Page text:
Thursday, January 26, 2023
Garth C. Reeves Sr., Retired Miami Times Publisher and Black Press Pioneer, Dies
By Erick Johnson, Chicagor Crusader/NNPA Newswire
Published December 5, 2019


Garth C. Reeves Sr. (Courtesy Photo)

Garth C. Reeves, Sr., The Miami Times’ retired publisher who became the enduring patriarch of a family newspaper dynasty after decades of fighting the political establishment and while guiding the black community through the city’s racial problems, died on Monday, November 25. He was 100.

Reeves was born February 12, 1919 in Nassau, Bahamas. That same year, Reeves’ father, Harry Ethelbert Sigismund Reeves, moved to Miami where he founded the Magic Printing Company in Overtown, the city’s historic black, once-thriving neighborhood near downtown. Harry Ethelbert Sigismund Reeves in 1920 founded the Miami Sun, which closed because of a paper shortage during World War I. In 1923, The Miami Times was founded. Reeves was just four years old.

In 1940, Reeves graduated from Florida A&M University, a major, historically black school in Tallahassee, FL. In 1942, Reeves was drafted to serve in the Army during World War II. After completing his service in 1946, Reeves returned to The Miami Times.


Reeves, as the publisher of The Miami Times, was just as fierce. It was the only job Reeves would have throughout his life. He worked his way up the ranks as columnist, reporter, managing editor, and editor. When Reeves’ father died in 1970, Reeves became the publisher.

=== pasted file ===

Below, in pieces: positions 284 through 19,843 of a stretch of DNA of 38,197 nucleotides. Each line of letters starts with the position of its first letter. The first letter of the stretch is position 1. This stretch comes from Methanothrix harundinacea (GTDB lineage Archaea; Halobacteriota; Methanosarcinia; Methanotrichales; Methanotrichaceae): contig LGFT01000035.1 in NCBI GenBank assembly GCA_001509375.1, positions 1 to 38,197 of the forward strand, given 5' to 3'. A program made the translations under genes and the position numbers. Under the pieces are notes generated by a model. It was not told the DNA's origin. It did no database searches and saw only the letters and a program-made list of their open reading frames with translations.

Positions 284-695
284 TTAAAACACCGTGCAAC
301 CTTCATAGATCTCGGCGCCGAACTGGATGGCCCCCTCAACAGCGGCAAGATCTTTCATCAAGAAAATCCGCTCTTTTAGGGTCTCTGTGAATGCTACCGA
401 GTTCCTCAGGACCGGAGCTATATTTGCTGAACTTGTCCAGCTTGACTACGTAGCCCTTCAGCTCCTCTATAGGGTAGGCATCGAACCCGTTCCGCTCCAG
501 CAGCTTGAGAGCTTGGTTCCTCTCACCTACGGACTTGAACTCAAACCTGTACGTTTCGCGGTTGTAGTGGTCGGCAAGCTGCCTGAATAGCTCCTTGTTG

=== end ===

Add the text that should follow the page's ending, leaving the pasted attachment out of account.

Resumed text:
Today, The Miami Times is the oldest and largest black newspaper in the Southeast. For the past two years it has been named Best Black Newspaper by the National Newspaper Publishers Association (NNPA), which represents over 200 black newspapers across the country. In 2011, NNPA named Reeves Publisher of the Year. In 2017, Reeves was inducted into the National Association of Black Journalists Hall of Fame.

In 2017, Miami recognized Reeves with an honorary street sign at 6 Street and NW 2 Avenue near the Black Archives History and Research Foundation of South Florida where he was a board member.

Reeves was a life member of the National Association for the Advancement of Colored People, Sigma Pi Phi Fraternity, Inc., Omega Psi Phi Fraternity, Inc., and a founding member of the Episcopal Church of the Incarnation in Miami, Florida.

He was awarded honorary doctorate degrees from the University of Miami, Barry University and Florida Memorial University.

Reeves served for 10 years as president of the Amalgamated Publishers Inc. in New York City, which represented over one hundred African American-owned newspapers throughout the United States. He was also elected to serve two terms as president of the National Newspaper Publishers Association.


He retired in 1994 and assumed the role of publisher emeritus but Reeves remained active as a prominent leader in the black community.

Reeves outlived both of his children. In 1982, Reeves’ son, Garth C. Reeves, Jr., died of colon cancer when just 30 years old. This past September, Reeves’ daughter, Rachel died at 68. His grandson, Garth Basil Reeves now heads the family newspaper dynasty at just 29.

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Categories: Business | Celebration of Life | National | News | News (Business)
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